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January/February 2015

Contributors' articles this month


Axel Zoma explains the role of the CIMA insurance treaty, which covers 14 francophone African countries and is now 20 years old, although its roots go back to 1962. With their common insurance code, the CIMA countries can benefit from economic and geographical scale. Mr Zoma considers insured benefit provisions in the region.


In a one-page ‘Viewpoint’ Greg Arms looks back over the last 35 years and comments on how the world of employee benefits has changed. It is intriguing to see what he lists as cutting edge in 1980.

Chris Daykin’s timescale is 25 years because, in his exploration of the global actuarial profession, 1990 – when the independent market democracies in Central and Eastern Europe were formed – was a key year. He includes two maps showing the impressive expansion of the profession between 1998 and 2014.


In her discussion of how globalization has affected employee benefits, Margrit Schmid identifies more choice, more mobility and more complexity as being three significant themes. Despite the greater globalization expected in the future, she does not anticipate a move towards a single employee benefits solution – local considerations, in her view, will always count.


Roger Beech
and Gerry Winters evaluate strategies to optimize health and risk benefit financing, where they find that the supply-side cost-management tools of multinational pooling and captives remain viable solutions for companies. While captives may offer even greater long-term cost mitigation potential, they can entail taking on more risk than some companies will be comfortable with.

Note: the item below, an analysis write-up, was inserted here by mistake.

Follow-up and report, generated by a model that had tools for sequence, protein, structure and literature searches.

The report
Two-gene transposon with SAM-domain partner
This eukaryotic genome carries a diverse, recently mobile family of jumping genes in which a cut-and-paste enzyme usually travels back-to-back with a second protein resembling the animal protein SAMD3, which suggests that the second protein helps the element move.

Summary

Parental leave laws are examined in Brazil, Italy, the UK and the USA by Tiffany Downs. She highlights new legislation and trends in each of these four jurisdictions and determines action items.


Tim Reay
takes the long view on employer-sponsored retirement savings, where he sees the most important elements as being the employer taking responsibility and providing resources for employee financial education. This needs to be coupled with employees being encouraged to improve their overall financial wellbeing, including saving for retirement, and being facilitated in doing this.


Outsourcing benefits management is on the agenda of some companies. This is not for everyone but Mark Sullivan and Paul Devitt take the reader through four steps when assessing its feasibility. This might be as a means of supporting benefits management in a divested business, driving operational and financial efficiencies or providing local-country expertise and central supervision of non-core markets.